Objective: The serum of most neuromyelitis optica (NMO) patients contains autoantibodies (NMO-IgGs) directed against the aquaporin-4 (AQP4) water channel located on astrocyte foot processes in the perivessel and subpial areas of the brain. Our objectives were to determine the source of central nervous system (CNS) NMO-IgGs and their role in disease pathogenesis.
Methods: Fluorescence-activated cell sorting and single-cell reverse transcriptase polymerase chain reaction were used to identify overrepresented plasma cell immunoglobulin (Ig) sequences in the cerebrospinal fluid (CSF) of an NMO patient after a first clinical attack. Monoclonal recombinant antibodies (rAbs) were generated from the paired heavy and light chain sequences and tested for target specificity and Fc effector function. The effect of CSF rAbs on CNS immunopathology was investigated by delivering single rAbs to rats with experimental autoimmune encephalomyelitis (EAE).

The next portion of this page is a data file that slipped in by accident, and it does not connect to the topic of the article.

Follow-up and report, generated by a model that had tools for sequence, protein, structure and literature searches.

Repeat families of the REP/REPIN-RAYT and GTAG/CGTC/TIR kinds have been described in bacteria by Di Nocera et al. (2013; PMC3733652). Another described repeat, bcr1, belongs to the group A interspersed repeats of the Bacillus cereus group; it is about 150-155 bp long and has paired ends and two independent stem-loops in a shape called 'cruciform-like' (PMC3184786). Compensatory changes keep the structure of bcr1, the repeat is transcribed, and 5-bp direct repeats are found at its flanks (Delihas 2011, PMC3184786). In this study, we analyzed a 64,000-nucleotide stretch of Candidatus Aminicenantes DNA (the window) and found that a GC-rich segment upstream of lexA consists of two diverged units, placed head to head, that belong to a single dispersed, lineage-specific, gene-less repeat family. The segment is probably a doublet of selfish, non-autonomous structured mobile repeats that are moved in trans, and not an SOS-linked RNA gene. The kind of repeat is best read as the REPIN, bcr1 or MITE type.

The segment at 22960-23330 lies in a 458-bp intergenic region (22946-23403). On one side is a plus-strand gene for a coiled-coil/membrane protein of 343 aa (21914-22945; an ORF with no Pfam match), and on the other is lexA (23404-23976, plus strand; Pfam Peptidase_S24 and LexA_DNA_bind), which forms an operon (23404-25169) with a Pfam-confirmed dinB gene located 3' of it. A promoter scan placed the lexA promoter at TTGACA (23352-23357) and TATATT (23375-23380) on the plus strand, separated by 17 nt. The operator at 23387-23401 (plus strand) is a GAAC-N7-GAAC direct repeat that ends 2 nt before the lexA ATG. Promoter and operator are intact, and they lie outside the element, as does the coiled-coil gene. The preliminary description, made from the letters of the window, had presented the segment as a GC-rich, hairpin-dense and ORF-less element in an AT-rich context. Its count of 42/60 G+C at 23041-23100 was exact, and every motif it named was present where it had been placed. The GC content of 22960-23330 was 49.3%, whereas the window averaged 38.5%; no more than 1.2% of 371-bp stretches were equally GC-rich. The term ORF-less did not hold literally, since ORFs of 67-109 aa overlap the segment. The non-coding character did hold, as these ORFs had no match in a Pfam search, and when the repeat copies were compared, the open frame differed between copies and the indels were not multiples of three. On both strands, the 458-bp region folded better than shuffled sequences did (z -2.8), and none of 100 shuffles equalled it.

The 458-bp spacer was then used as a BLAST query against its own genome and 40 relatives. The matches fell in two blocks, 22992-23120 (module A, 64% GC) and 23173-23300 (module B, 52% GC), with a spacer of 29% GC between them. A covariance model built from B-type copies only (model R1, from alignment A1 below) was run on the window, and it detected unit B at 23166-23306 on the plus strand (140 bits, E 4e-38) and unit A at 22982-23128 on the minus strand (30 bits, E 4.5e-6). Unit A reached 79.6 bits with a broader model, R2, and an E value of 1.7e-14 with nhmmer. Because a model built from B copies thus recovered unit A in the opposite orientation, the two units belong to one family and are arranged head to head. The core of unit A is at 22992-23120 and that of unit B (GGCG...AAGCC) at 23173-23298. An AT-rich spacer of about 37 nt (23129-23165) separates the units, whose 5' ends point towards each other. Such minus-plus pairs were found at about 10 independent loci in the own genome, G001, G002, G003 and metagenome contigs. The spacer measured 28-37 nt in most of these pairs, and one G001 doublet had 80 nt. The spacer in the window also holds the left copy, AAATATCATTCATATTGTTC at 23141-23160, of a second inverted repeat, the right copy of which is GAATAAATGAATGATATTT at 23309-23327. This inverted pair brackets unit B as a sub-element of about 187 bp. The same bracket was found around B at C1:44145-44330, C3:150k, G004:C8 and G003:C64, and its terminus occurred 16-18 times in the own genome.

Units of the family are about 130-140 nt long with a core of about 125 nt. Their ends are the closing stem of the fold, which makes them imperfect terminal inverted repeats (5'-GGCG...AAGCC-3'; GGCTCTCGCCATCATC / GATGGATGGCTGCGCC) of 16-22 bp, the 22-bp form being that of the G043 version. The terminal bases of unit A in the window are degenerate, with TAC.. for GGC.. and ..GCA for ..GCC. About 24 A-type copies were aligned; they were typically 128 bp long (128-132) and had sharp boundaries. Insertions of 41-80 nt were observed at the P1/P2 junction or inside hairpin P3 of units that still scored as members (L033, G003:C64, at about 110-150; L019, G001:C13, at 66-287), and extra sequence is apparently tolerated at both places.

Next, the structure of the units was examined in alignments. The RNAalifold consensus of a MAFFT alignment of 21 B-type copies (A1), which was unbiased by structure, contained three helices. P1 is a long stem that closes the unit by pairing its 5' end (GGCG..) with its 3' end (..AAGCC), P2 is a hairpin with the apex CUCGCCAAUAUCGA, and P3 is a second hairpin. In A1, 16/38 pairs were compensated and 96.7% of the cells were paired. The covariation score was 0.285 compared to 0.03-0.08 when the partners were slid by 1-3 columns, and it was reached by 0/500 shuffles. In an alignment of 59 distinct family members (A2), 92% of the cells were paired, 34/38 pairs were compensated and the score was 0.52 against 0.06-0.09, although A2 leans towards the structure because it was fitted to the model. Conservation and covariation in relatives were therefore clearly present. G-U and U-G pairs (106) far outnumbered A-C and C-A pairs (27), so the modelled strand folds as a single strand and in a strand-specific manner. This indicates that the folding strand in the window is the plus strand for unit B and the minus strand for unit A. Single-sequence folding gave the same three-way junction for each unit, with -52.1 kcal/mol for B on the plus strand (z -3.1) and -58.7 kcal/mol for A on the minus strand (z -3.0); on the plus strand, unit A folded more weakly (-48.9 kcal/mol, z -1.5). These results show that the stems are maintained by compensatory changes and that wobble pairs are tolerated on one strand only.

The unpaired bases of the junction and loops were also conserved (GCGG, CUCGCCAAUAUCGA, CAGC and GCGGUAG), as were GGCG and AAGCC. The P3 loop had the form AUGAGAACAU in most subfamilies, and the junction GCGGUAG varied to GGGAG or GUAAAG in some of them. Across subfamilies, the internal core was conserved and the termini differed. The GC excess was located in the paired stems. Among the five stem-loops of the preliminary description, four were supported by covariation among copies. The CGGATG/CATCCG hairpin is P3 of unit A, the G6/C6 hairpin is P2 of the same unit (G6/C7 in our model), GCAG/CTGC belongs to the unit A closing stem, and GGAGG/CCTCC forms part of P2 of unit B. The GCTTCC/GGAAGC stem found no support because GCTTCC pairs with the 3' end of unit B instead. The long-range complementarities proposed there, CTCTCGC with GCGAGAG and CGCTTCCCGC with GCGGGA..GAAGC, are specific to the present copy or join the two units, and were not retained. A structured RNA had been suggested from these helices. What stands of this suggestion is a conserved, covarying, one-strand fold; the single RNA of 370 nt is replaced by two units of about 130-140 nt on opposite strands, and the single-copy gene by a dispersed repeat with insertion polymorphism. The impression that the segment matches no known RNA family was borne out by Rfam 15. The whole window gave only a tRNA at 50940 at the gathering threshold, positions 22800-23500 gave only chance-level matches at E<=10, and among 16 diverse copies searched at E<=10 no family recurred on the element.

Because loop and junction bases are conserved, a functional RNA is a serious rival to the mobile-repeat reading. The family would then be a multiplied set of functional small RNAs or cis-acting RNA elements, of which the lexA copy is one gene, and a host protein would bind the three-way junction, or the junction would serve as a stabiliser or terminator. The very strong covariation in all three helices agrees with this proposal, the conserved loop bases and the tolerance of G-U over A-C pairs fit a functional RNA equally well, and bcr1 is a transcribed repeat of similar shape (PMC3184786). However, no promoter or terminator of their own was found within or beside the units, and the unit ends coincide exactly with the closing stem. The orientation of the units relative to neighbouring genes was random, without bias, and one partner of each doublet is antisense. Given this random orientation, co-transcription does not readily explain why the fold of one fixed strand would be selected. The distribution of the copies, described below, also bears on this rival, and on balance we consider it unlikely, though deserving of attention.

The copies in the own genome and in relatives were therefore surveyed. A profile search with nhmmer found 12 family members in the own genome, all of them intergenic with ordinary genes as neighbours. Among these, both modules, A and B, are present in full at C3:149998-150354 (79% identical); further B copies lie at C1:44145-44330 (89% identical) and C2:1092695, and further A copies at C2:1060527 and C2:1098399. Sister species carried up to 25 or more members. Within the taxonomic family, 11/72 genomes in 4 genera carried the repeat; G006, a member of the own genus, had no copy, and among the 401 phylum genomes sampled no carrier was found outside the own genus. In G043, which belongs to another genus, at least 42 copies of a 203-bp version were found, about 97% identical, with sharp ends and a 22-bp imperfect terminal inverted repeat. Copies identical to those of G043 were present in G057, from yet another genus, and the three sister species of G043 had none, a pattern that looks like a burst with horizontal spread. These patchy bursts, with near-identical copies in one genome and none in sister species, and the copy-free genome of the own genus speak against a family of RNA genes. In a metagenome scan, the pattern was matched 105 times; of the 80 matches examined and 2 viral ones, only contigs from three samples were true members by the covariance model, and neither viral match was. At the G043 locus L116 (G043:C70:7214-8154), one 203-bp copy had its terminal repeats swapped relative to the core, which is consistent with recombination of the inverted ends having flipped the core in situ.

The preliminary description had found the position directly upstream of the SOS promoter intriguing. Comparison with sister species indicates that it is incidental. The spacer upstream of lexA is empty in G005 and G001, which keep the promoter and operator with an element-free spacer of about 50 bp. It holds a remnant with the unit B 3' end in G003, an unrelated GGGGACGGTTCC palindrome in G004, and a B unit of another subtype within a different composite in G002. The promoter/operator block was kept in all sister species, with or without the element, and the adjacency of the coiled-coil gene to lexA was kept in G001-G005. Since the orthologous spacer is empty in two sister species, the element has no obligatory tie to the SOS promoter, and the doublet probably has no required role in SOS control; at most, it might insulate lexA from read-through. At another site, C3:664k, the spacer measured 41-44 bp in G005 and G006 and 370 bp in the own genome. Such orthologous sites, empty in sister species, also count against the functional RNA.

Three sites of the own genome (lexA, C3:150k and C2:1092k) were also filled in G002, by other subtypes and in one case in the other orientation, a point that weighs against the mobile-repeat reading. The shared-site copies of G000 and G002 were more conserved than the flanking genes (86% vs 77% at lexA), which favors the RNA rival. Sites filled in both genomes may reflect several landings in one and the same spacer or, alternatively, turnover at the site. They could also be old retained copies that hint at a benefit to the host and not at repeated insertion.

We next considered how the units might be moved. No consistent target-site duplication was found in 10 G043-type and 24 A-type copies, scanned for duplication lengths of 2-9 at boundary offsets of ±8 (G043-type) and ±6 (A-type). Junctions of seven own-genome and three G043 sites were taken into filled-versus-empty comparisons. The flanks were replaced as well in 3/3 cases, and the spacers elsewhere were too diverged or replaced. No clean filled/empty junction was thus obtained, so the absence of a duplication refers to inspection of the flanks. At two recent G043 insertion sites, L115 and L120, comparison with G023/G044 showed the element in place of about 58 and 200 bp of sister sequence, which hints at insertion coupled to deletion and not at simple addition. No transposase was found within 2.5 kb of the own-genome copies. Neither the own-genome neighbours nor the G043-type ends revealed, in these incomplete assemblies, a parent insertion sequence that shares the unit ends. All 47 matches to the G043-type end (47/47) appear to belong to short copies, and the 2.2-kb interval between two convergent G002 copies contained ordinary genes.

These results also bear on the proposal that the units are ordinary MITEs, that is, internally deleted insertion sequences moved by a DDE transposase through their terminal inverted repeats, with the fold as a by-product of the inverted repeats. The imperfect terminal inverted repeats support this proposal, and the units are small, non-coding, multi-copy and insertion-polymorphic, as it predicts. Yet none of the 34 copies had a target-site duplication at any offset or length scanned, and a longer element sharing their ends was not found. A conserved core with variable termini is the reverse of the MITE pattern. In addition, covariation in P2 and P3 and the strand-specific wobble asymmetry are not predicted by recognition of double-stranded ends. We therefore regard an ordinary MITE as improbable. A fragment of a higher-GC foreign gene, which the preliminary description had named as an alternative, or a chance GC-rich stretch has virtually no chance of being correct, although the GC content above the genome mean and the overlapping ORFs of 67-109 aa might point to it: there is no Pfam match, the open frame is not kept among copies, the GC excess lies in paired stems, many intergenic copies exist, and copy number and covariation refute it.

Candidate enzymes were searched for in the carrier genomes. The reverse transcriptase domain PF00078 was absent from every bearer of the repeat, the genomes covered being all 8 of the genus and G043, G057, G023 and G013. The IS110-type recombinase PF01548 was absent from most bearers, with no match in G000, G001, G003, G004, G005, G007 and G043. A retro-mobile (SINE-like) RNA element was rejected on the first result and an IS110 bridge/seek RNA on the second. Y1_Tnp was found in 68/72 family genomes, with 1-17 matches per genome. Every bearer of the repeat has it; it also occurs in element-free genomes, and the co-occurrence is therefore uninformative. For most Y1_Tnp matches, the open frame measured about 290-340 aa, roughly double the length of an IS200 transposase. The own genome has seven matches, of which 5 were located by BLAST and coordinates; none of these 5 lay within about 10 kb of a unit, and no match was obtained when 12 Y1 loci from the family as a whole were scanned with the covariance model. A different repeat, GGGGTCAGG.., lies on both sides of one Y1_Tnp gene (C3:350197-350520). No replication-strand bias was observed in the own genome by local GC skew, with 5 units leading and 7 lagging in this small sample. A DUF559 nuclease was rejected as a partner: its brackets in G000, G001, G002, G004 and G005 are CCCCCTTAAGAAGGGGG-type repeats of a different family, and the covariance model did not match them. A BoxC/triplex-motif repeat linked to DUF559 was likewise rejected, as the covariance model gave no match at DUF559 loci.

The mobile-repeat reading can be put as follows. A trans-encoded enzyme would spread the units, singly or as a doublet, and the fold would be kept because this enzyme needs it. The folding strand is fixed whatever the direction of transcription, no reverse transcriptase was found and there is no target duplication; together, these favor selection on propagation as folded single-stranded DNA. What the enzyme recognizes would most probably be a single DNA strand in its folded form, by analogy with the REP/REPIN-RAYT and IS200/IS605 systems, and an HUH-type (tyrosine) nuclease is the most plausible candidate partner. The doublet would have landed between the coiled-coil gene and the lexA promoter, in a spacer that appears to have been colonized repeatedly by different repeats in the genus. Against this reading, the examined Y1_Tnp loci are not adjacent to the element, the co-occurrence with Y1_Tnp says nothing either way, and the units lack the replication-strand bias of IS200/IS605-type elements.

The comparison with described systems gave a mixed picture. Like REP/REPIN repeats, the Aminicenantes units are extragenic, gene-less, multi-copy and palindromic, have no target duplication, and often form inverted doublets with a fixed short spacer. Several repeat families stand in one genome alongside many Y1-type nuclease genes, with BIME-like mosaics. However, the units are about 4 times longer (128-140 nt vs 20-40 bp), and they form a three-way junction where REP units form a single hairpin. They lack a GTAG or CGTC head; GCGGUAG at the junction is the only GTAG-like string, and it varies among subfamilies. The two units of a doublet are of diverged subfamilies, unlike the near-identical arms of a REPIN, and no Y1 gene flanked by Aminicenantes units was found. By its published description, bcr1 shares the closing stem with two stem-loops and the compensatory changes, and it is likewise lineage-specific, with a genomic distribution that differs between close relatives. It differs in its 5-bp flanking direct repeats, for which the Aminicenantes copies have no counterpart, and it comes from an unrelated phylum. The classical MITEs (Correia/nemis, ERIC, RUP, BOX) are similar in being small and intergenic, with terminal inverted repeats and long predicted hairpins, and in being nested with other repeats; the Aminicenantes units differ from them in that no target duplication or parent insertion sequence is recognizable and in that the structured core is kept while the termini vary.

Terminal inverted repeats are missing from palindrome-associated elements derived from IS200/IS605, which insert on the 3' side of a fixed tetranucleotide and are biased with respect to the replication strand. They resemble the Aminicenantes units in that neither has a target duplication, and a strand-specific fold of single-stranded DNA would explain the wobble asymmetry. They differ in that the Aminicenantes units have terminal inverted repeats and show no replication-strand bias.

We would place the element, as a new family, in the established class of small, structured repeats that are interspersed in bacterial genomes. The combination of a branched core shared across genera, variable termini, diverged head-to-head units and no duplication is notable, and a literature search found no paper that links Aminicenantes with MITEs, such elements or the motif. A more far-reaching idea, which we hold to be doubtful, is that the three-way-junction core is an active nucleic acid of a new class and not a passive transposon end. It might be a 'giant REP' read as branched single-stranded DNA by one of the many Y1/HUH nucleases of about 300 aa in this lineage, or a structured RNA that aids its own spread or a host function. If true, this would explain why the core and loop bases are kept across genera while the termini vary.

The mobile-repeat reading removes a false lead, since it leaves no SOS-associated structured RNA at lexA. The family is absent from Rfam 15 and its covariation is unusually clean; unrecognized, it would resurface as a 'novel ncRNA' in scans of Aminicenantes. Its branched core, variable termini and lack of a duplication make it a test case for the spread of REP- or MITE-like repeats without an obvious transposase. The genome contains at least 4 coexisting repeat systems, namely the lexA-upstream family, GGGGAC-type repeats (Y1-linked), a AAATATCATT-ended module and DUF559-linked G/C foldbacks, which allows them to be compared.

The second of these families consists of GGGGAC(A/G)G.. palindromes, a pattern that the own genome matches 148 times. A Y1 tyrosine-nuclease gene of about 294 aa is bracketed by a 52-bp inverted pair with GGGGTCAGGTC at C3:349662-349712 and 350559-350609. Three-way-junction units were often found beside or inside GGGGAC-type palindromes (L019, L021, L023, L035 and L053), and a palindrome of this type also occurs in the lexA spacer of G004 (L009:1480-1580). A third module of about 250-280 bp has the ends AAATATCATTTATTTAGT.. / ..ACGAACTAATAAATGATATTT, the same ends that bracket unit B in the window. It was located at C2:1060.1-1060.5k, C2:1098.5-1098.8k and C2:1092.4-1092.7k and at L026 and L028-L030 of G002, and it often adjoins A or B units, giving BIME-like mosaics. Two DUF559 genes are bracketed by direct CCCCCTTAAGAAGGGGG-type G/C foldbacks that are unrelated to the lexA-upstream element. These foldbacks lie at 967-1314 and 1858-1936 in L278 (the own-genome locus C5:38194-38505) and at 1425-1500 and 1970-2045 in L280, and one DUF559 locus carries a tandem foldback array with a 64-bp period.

Results: Repertoire analysis revealed a dynamic, clonally expanded plasma cell population with features of an antigen-targeted response. Using multiple independent assays, 6 of 11 rAbs generated from CSF plasma cell clones specifically bound to AQP4. AQP4-specific rAbs recognized conformational epitopes and mediated both AQP4-directed antibody-dependent cellular cytotoxicity and complement-mediated lysis. When administered to rats with EAE, an AQP4-specific NMO CSF rAb induced NMO immunopathology: perivascular astrocyte depletion, myelinolysis, and complement and Ig deposition.
Interpretation: Molecular characterization of the CSF plasma cell repertoire in an early NMO patient demonstrates that AQP4-specific Ig is synthesized intrathecally at disease onset and directly contributes to CNS pathology. AQP4 is now the first confirmed antigenic target in human demyelinating disease.